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Cite as Will, in Bianca-Bonell Commentary on the International Sales Law, Giuffrè: Milan (1987) 368-376. Reproduced with permission of Dott. A Giuffrè Editore, S.p.A.

Article 50

Michael Will

1. History of the provision
2. Meaning and purpose of the provision
3. Problems concerning the provision

ARTICLE 50

If the goods do not conform with the contract and whether or not the price has already been paid, the buyer may reduce the price in the same proportion as the value that the goods actually delivered had at the time of the delivery bears to the value that conforming goods would have had at that time. However, if the seller remedies any failure to perform his obligations in accordance with article 37 or article 48 or if the buyer refuses to accept performance by the seller in accordance with those articles, the buyer may not reduce the price.

1. History of the provision

     1.1. - Article 50 contains the remedy of price reduction but limits it if the seller has a right to cure.

     1.2. - Price reduction as a remedy in international sales law meets with the greatest difficulties.

Unknown in common law jurisdictions, it has always been fiercely defended by civil law countries. Initially a Roman law tradition (actio quanti minoris), price reduction entered into most codifications, including those of socialist and third world nations, as a supplement to the remedy of damages, a remedy which these legal systems limit to cases where there is fault. Where the buyer accepts that goods do not conform with the contract, and the seller is not at fault, price reduction provides a further remedy of pecuniary compensation; it is a popular and important remedy in daily national and international practice.

The compromise reached by ULIS as well as by the present Convention is the simultaneous availability of damages without fault and of the price reduction remedy. This hybrid solution adds to the confusion already existing.

The confusion dates back to the preparatory work for ULlS. Common law lawyers experienced great difficulty, in [page 368] understanding the nature of the remedy of price reduction and tended to confuse it with the remedy of damages. The conceptual difficulties led to dubious translations which, in turn, aggravated the misunderstanding. Even though in the end the authors of ULIS somehow managed to produce an English version in harmony with the French text, the conceptual difficulties reappeared during the drafting of the Convention.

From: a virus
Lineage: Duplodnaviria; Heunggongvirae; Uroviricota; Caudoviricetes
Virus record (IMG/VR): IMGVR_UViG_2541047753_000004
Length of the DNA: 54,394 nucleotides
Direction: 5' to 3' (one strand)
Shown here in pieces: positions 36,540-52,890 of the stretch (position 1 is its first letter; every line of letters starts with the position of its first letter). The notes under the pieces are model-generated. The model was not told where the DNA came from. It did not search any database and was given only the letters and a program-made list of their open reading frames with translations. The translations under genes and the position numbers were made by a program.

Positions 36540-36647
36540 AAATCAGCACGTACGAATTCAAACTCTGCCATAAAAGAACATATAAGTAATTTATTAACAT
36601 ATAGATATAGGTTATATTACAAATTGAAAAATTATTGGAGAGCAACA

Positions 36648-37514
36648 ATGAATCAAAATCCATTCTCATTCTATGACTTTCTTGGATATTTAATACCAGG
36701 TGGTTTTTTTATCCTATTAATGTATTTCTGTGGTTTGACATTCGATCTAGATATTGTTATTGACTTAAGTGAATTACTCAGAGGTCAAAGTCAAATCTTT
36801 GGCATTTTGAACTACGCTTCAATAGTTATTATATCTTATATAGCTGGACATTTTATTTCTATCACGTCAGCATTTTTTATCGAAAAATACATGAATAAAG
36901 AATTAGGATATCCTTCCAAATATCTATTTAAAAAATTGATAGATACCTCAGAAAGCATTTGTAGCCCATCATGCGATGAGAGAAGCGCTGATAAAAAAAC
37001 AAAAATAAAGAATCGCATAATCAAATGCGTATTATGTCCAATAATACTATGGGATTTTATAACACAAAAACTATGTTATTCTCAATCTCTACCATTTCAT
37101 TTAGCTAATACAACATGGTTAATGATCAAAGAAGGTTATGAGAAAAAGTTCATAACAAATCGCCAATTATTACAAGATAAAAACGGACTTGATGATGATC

1.3. The drafters of the Convention have made great efforts to overcome these difficulties by changing the wording. and substance of the provision.

          1.3.1. - Two modifications, unknown in ULIS, were introduced into the UNCITRAL Draft Convention to clarify the remedy's scope of application.

First, it is made expressly clear that the buyer can reduce the price even after he has paid (see Yearbook, VII (1976), 92). In such a case he will have to obtain a refund from the seller.

Second, it is made expressly clear that the right to cure (Article 48) prevails over the right to reduce the price, just as it prevails over all other remedies. Under ULIS some commentators had doubts in this respect. The reference to Article 37 was added at the Vienna Conference (see Official Records, II, 360).

          1.3.2. - The substance of the UNCITRAL Draft Convention has been materially changed at the Vienna Conference as to the moment for calculating values. Instead of the time of conclusion of the contract, as in Article 46 of ULIS, now the time of delivery is relevant (see Official Records, II, 358). This change was based mainly upon two reasons. On the one hand, it was argued that at the moment of concluding the contract the goods might not yet exist and hence neither the value of conforming goods nor that of non-conforming ones could be ascertainable. On the other hand, the buyer can now calculate more easily which of the two remedies -- damages or price reduction -- would be more advantageous to him. The calculations for both remedies are now based on the same figures -- those valid at the moment of delivery. This simplification convinced the representatives of the common law countries, since for them the right of price reductiod still appeared «as roughly analogous to [page 369] the right of set off» (see ZIONITZ, A new uniform law, 171).

This definite simplification for all practical purposes may turn out to have added to the theoretical confusion.

2. Meaning and purpose of the provision

     2.1. - Reduction of price presupposes that the seller delivers (Article 31 et seq.) non-conforming goods (Article 35 et seq.), and that the buyer decides to accept them nevertheless.

All the difficulties lie in calculating the amount of the reduction. What is the method to be employed? How is that method to be applied in practice?